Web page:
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The Future Is Here, and It’s Working From Home

The Interkom #WorkFromHome Series

“Keeping Up With a Changing World”

When you were younger and you imagined the future, what did you see?

I recall being a small child and imagining that we could travel to work via large glass pneumatic tubes, just like they had in my favourite children’s cartoon. I don’t think that one will come to fruition anytime soon, but thankfully some people throughout history have had much clearer visions than the rest of us.

In a 1926 interview with Collier’s magazine, the genius Nikola Tesla predicted the rise of smart technology. Every era is the modern one for those who live in it, but Nikola’s prophecy was far beyond its time:

“…When wireless is perfectly applied the whole earth will be converted into a huge brain… We shall be able to communicate with one another instantly, irrespective of distance. Not only this, but through television and telephony we shall see and hear one another as perfectly as though we were face to face, despite intervening distances of thousands of miles; and the instruments through which we shall be able to do this will be amazingly simple compared with our present telephone. A man will be able to carry one in his vest pocket.”

Fast-forward to the present moment, and Nikola’s predictions have materialized word-for-word. Depending on your vocation, you can complete your work from home as easily and smoothly as you could from the office, and potentially lower your stressors at the same time. Speaking from my own experience, being at home significantly reduced stress by lowering my exposure to harmful blue light, eliminating my commute, and allowing me to have more control over what I eat and drink every day. I also never had a penchant for water-cooler talk or office gossip, so the quiet atmosphere of my apartment with my cat colleagues, some music, and the occasional street noise was somewhere I knew I could thrive.

Stress reduction and more freedom aside, one of the most interesting developments of our transition to working from home is the newfound ability to move about unrestricted. Without a physical work location to incorporate into your decision of where to live, the sky becomes your limit. If people are given the opportunity to live where they truly want to, rather than only for convenience or necessity, it could have a profound effect on our social landscape.

Working from home doesn’t come without its challenges, however. Discipline must be exercised, otherwise you may find yourself in your pyjamas all day, having eaten half a box of cookies for breakfast (I try to limit those to 1-2 days a year…)

Here are a few crafted tips for keeping morale high while working from your home office:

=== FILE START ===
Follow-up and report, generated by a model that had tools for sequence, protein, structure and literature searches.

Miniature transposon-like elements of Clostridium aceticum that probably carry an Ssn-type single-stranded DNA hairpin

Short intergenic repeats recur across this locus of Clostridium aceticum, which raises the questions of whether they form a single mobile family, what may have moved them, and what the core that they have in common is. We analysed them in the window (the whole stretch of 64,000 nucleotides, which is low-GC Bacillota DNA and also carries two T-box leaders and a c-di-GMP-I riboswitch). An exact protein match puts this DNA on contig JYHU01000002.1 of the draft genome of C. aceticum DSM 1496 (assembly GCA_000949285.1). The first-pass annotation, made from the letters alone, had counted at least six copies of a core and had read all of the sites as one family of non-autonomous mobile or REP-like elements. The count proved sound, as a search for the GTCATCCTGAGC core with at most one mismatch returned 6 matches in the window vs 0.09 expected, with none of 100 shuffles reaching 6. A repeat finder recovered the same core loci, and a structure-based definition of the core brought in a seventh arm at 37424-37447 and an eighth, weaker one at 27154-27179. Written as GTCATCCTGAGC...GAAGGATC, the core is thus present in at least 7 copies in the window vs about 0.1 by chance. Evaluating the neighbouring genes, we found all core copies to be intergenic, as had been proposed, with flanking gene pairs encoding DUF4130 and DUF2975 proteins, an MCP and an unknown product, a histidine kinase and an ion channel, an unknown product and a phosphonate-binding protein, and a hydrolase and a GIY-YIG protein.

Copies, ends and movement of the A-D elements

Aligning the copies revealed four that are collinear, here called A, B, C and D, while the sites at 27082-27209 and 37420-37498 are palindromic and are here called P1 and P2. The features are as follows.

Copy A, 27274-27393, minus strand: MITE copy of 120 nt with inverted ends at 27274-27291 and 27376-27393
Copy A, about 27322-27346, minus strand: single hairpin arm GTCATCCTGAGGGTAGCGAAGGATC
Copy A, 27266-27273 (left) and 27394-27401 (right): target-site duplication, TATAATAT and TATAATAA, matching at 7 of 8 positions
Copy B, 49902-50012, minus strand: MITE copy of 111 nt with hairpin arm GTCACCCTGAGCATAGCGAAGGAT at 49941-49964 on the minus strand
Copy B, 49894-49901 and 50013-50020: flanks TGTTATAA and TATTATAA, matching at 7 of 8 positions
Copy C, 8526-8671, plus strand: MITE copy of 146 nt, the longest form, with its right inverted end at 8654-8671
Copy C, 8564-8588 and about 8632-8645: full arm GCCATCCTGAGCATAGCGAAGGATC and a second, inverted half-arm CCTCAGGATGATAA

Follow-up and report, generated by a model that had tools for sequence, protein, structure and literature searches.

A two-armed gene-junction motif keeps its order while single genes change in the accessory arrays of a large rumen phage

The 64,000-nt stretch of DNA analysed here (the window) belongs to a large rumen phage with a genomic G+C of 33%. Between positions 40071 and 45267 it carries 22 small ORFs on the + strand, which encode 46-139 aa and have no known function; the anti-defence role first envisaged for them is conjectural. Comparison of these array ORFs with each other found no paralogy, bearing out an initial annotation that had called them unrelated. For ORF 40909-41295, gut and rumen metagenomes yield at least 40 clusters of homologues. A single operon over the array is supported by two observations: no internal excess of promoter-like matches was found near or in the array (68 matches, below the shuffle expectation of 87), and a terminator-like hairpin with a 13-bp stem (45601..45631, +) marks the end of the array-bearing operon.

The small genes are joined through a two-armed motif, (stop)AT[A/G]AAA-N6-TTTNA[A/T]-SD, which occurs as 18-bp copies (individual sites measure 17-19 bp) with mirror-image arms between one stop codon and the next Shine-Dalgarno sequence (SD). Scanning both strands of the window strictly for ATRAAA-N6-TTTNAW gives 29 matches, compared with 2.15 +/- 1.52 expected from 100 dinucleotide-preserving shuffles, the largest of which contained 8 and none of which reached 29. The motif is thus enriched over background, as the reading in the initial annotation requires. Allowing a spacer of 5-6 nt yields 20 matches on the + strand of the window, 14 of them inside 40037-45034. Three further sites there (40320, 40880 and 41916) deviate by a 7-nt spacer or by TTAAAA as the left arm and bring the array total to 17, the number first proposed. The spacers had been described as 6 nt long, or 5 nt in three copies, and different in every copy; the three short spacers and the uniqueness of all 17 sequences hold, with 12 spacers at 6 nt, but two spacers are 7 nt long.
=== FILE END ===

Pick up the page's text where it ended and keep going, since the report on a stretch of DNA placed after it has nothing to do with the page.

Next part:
• Get dressed like you’re going to the actual office, and keep your routine. If you like to put on a little mascara or do your hair, keep that up like “normal” – it doesn’t matter that it’s just you at home!
  • Create a workspace that is strictly for work, otherwise your brain will associate it with leisure (this is like when your teacher told you not to do your homework on your bed, lest you get sleepy.) If it has a door you can close, even better.
  • Avoid too much clutter, but still fill the surrounding area with something that inspires you or sparks your creativity, such as a plant or two, your favourite framed quote, or a picture of you with your loved ones.
  • Don’t settle for a mediocre chair. Get yourself something comfortable and ergonomic – your back and hips will thank you.
  • Get an air purifier if you can. There are some shocking studies out there about the air quality of an average home, and things like allergens and mold can can have a profound effect on your cognitive performance.
  • Structure your day the same way you would at the office. Set clear deadlines, take breaks, make a plan for the day, and keep yourself accountable time-wise.
  • Log out, stretch your legs, and step out for fresh air and sunlight. This one is vital!
  • Follow the 20/20/20 rule. Every 20 minutes, look at least 20 feet away for 20 seconds to avoid eye strain and laziness. Human beings are meant to look far and wide, so I like to choose the farthest possible point on the horizon.
  • Make sure you eat, preferably away from your desk. This sounds overly simple, but oftentimes we can get sucked into a state of hyper-focus without realizing it. Our brains need energy to be able to complete our work, so be sure to have a snack!
  • Change your clothes at the end of your workday to help separate your work and life.
  • Dedicate some time to yourself in the morning. See the sun, read a chapter of your book, or take a relaxing shower. This will help you stay sharp during the rest of the day.

Ultimately, making a lifestyle transition requires trial and error to find what works best for you, and this one is no different. Working from home is a luxury that I enjoy every day, but it comes with personal responsibility and discipline that we don’t think of until we’re living it. If you’ve struggled with staying focused and maintaining a work/life balance, I encourage you to spend some time researching other people’s success tips and seeing if you can implement any!

As we progress further into this decade and have more people working remotely, I wonder what new creations and innovations will be borne out of this social change. I have a feeling that even by 2025, many aspects of life will be unrecognizable to us. Whatever comes next though, I am grateful to be having a human experience in this interesting and pivotal age.

Until next time,
Petra